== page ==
Including Conybeare, Masters and Guerrieri, the team has six members in total, Rachel Olagunju (Head of Community), Sean Gomez (Events Manager) and Andy Booker who heads up strategy. As they enter a new industry, everyone has had to switch their jobs to roles spanning customer service and logistics, with Guerrieri now overseeing business development, an entirely new skill set for her. Even more impressive than the team’s career switches is the fact that since launch last July, Merch Service have raised over £37,000 for artist clients including Shanti Celeste, Emerald Lewis and Peach.
“It was key that we support underground artists and do something active,” says Guerreri. “And to be environmentally friendly, transparent and to make sure that, after years of doing events for artists, we helped out the people that helped us out. This is a test for us as well. But we proved you can pay people an equal wage and live off of it – and if you don’t do it, you’re a dickhead!”
Here, Guerrieri breaks down Keep Hush’s hustle into the fashion world.
How did Keep Hush come up with the idea for Merch Service?
Last year during the pandemic I was going through quite a hard time – I didn’t have any gigs. I was touring with Princess Nokia, as Tkay Maidza’s DJ. Then the tour got cancelled halfway through. I didn’t really have a job and I was struggling emotionally and financially like everyone else, and I had this chat with Keep Hush. Fred and Freddy, the two founders, started Merch Service and asked me to come on board. They’re my close friends so it’s nice to have the chance to work with your friends. Now I head up business development.
Explain your business ethos please.
As we couldn’t do events, we tried to devise a new way of supporting our artist community, which started a wider conversation about whether [by putting on parties] we’re actually bringing any value to artists as Keep Hush. We figured out that the benefit was going towards the audience who got to go to free gigs all the time and the artist was getting good content, but not much else out of it. Merch Service was a solution to that.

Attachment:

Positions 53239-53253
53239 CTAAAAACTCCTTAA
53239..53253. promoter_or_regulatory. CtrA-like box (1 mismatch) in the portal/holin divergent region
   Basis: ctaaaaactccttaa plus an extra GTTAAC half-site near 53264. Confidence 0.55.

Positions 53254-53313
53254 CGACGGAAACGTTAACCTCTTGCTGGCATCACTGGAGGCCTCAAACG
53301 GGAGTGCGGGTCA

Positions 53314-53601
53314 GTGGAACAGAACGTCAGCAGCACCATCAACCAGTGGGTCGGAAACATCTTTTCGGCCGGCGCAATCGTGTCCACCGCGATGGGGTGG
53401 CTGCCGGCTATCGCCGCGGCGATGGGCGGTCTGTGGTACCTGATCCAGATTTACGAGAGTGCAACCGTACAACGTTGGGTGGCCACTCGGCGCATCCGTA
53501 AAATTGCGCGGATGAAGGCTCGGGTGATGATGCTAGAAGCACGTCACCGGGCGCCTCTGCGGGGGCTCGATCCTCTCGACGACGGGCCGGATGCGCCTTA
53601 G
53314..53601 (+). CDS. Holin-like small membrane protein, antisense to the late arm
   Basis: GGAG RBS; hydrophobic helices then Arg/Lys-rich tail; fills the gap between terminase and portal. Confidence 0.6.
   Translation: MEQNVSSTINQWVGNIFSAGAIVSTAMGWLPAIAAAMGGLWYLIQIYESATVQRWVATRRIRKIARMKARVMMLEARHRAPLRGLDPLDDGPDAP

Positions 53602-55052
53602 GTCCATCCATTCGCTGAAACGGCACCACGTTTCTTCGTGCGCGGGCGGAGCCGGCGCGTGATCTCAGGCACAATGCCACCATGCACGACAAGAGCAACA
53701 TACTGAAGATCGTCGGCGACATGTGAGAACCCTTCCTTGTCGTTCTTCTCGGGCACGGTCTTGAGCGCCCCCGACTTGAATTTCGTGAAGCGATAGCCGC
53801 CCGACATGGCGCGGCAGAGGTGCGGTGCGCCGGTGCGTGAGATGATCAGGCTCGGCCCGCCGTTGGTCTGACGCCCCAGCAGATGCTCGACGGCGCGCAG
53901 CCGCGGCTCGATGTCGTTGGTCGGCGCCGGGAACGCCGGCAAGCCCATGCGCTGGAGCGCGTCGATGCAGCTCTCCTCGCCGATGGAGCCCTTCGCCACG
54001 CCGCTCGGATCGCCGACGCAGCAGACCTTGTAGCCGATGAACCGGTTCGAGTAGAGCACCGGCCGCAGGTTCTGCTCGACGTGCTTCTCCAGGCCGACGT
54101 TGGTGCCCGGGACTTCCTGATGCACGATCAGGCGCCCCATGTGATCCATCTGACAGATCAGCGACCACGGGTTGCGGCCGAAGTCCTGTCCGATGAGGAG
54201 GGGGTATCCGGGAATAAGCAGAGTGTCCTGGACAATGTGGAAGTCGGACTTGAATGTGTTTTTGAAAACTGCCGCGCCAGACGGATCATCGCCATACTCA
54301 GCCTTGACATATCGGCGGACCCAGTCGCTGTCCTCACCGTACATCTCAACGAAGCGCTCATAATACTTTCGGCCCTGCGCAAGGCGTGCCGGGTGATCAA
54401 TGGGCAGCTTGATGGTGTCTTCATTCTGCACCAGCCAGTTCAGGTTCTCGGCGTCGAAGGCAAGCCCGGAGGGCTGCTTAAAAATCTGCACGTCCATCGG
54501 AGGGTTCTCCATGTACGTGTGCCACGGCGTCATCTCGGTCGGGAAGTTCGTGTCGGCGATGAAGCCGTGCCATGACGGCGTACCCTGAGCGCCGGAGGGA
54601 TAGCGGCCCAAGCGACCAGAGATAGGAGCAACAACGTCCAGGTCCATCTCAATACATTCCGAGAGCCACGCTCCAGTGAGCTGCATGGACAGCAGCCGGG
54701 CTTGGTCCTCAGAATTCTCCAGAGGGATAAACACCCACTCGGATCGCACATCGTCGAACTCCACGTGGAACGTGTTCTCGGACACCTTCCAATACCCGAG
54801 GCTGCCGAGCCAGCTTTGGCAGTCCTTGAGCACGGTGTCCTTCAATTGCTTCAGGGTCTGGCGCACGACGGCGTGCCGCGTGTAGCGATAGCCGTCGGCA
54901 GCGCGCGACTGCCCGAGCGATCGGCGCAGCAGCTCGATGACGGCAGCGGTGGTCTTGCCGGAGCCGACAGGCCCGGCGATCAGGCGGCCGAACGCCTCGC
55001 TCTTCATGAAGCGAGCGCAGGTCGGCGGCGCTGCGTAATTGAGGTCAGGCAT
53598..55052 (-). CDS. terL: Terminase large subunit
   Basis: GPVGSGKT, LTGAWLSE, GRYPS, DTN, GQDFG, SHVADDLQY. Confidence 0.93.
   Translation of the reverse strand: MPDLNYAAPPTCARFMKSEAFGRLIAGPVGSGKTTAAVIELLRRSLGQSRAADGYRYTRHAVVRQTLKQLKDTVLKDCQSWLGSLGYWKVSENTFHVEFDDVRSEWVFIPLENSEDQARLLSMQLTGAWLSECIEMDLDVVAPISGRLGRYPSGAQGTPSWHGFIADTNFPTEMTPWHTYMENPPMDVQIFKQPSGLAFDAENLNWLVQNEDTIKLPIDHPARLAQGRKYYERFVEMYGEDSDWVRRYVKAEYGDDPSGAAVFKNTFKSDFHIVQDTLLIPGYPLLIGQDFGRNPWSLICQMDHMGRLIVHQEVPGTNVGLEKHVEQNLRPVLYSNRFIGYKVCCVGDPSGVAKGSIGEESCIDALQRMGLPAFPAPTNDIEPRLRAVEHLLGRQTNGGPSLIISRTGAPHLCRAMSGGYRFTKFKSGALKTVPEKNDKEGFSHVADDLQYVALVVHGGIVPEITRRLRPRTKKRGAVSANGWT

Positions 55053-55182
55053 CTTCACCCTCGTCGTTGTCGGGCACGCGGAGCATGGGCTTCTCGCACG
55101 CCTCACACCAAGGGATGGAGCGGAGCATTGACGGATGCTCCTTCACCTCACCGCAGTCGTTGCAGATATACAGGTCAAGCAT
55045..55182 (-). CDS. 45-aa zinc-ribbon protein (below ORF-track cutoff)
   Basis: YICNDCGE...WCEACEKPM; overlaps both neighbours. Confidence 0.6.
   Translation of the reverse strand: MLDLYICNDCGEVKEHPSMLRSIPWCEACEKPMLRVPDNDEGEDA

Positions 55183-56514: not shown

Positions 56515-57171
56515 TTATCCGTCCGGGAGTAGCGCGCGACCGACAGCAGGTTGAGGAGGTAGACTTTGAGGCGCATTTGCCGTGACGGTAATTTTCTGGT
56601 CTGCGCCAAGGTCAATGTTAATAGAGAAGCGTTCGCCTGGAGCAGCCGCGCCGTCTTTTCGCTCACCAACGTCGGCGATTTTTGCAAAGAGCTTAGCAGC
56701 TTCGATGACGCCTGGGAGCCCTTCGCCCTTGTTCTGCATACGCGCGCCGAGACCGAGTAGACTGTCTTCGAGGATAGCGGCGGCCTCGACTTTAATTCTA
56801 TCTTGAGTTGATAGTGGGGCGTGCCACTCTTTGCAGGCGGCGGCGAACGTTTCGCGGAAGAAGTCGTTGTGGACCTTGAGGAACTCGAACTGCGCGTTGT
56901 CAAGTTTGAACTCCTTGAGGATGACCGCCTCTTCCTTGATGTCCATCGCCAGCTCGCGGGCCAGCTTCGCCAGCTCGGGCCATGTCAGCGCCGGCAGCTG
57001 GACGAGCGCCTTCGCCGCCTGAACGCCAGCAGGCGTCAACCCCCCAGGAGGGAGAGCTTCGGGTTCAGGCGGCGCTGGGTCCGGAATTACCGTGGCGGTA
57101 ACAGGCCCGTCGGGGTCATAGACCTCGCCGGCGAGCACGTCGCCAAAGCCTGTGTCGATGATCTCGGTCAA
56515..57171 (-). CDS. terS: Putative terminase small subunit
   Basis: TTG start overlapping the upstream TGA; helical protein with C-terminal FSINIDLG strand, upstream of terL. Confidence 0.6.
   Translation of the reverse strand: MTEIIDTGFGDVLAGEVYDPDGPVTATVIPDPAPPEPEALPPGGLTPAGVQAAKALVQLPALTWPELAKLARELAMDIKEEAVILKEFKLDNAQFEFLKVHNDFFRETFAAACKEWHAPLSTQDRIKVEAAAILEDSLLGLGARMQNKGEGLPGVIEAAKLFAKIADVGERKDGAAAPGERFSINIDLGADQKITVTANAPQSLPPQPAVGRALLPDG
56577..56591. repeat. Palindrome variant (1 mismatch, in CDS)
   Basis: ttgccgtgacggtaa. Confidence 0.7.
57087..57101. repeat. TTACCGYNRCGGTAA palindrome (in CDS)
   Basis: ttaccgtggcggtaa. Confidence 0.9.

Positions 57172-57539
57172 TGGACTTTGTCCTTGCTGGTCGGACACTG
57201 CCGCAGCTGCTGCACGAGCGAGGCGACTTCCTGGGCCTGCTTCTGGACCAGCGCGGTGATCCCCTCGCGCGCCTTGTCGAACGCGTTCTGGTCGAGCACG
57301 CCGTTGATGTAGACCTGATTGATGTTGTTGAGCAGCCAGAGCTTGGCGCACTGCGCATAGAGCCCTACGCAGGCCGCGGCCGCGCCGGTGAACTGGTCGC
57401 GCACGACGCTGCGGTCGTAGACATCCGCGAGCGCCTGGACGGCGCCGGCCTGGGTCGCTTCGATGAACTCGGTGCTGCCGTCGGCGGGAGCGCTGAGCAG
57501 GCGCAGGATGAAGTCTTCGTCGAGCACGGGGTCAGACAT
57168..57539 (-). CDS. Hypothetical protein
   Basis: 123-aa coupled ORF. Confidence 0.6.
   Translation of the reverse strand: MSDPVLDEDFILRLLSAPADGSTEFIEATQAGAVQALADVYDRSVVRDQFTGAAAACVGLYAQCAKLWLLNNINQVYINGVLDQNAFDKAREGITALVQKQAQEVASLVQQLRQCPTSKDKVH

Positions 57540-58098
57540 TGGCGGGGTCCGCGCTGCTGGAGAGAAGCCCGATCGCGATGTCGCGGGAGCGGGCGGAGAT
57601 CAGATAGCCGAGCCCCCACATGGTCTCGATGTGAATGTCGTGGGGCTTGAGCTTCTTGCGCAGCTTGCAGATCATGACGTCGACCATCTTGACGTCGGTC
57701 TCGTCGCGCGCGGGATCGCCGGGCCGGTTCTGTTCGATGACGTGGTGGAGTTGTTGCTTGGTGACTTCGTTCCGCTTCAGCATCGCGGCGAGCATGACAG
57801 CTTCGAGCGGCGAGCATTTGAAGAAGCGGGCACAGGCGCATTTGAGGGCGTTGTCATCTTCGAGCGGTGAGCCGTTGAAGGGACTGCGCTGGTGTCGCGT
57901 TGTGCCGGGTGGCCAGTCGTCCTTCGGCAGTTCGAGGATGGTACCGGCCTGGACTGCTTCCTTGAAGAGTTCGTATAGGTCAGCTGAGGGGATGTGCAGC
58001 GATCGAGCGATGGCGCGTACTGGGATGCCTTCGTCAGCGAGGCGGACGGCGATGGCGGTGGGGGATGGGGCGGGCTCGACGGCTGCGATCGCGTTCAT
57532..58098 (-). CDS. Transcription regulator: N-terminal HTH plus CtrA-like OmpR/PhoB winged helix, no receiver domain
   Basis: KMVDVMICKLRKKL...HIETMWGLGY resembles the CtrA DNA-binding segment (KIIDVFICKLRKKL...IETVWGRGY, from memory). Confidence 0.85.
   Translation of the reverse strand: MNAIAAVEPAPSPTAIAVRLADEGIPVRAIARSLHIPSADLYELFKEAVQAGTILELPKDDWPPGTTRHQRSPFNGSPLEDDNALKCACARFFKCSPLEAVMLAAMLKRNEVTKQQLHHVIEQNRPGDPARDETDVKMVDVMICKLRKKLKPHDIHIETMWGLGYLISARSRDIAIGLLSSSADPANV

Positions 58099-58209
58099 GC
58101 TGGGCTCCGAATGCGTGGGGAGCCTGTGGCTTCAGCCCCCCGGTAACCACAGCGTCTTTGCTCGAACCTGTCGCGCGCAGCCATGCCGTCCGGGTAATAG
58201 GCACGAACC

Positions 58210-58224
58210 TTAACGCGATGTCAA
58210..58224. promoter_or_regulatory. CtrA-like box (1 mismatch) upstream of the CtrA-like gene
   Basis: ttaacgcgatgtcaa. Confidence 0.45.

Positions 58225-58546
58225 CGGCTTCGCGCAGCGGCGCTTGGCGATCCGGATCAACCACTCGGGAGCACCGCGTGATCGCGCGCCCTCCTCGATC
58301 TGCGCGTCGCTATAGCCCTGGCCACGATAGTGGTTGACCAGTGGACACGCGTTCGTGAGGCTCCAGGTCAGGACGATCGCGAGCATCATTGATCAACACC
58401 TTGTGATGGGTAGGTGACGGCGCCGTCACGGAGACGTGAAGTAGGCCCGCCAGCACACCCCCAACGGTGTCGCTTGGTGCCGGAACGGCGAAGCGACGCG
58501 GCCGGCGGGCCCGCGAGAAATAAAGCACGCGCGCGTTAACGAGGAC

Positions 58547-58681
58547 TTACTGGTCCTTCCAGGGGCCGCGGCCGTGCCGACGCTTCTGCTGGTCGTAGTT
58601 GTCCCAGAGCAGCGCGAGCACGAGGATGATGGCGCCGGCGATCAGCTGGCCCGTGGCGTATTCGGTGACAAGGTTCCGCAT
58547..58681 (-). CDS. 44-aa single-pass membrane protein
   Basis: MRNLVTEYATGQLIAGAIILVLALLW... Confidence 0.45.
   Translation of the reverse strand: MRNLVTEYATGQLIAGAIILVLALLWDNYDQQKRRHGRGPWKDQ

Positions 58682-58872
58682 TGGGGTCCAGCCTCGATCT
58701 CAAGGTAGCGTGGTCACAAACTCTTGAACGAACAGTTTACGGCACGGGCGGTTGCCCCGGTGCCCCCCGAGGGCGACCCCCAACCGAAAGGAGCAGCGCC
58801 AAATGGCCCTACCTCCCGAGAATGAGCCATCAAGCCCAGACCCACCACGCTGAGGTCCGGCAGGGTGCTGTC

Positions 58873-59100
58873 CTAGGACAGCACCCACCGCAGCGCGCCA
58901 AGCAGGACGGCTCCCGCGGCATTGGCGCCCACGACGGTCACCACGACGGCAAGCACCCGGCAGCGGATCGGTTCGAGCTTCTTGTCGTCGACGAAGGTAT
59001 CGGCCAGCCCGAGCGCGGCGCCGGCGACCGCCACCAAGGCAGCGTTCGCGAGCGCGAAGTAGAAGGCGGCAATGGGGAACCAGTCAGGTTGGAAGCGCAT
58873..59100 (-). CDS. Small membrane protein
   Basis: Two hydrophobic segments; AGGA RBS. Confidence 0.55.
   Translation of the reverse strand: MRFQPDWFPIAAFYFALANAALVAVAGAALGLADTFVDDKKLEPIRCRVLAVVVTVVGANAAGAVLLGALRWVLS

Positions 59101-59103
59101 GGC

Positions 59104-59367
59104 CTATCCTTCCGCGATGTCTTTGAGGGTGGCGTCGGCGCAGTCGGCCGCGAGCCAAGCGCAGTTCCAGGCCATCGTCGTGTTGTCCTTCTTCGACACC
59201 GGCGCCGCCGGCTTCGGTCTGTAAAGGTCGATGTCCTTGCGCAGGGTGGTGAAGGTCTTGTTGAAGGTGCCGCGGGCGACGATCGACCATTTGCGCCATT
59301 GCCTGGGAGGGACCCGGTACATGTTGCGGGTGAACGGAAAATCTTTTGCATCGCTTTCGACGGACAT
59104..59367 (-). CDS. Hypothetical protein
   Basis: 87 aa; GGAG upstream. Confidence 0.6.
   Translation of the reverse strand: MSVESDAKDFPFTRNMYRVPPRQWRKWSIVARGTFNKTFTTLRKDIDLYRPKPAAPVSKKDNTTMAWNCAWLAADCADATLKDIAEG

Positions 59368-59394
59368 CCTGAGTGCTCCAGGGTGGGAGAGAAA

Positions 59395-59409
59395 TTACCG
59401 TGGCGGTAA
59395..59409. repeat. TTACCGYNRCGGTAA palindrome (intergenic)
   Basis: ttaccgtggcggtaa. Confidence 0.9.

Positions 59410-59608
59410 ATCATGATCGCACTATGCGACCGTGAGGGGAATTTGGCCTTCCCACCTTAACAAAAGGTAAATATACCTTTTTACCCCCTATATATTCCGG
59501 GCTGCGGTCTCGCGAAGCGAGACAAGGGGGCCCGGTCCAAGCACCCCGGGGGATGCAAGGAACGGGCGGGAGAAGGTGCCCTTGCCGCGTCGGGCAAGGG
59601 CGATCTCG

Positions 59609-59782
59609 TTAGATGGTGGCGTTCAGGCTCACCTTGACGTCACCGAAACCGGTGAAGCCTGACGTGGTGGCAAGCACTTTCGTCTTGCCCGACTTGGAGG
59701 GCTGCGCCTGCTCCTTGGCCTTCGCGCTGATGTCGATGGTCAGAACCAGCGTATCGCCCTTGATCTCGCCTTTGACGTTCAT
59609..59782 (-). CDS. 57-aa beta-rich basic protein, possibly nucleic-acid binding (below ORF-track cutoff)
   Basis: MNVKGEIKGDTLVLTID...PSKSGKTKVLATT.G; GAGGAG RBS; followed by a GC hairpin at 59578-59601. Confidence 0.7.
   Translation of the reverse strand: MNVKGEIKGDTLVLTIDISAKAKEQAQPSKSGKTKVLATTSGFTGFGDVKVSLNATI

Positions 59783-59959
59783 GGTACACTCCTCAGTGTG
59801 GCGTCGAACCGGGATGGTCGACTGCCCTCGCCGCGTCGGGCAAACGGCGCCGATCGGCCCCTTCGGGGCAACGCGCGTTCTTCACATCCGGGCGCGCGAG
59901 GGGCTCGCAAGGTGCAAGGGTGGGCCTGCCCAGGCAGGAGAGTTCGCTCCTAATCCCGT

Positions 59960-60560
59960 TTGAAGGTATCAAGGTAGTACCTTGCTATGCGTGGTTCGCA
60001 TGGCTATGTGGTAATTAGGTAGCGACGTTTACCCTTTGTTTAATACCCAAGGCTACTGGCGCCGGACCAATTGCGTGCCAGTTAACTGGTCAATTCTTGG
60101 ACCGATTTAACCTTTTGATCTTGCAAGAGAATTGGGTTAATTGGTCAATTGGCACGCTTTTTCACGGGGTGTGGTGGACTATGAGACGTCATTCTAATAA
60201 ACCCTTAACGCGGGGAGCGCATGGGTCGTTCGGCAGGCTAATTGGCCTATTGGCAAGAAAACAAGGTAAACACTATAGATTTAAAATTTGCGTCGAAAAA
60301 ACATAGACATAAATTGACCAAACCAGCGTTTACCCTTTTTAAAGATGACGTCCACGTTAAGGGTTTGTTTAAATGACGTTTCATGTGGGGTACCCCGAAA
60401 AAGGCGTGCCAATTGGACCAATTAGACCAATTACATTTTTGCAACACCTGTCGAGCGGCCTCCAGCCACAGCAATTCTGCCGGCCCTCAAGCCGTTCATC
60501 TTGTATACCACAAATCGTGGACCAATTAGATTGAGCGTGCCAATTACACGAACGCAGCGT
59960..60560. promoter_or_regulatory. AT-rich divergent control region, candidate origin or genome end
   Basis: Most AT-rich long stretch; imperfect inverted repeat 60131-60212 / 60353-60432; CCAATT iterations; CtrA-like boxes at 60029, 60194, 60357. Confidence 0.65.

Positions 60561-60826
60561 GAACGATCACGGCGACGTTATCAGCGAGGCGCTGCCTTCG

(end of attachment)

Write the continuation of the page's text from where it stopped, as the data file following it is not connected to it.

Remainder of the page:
How much did it cost to set up the company?
There were some initial marketing costs like making the website and testing products. But the business model is “made to order”, so the product is made once we’ve batched all the orders at the end of the campaign. Luckily, that meant at the beginning we didn’t have to buy stock or inventory. On the other side, we needed to keep six people fed. The initial investment was us. The first artists had to believe in us and what we were doing.
How did the business progress after your launch last July?
We were paying wages to all six team members, and everyone from the founders to the most junior people are paid the exact same hourly amount. It’s all we can afford right now.
Keep Hush set out to be pro-artist but it turned out to be pro-audience. So we wanted to make sure the focus for Merch Service was on the artist. We do quarterly reviews because we’re trying to be very serious about this now. By the end of last year over £37,000 went directly into the artists’ pockets, in just five months.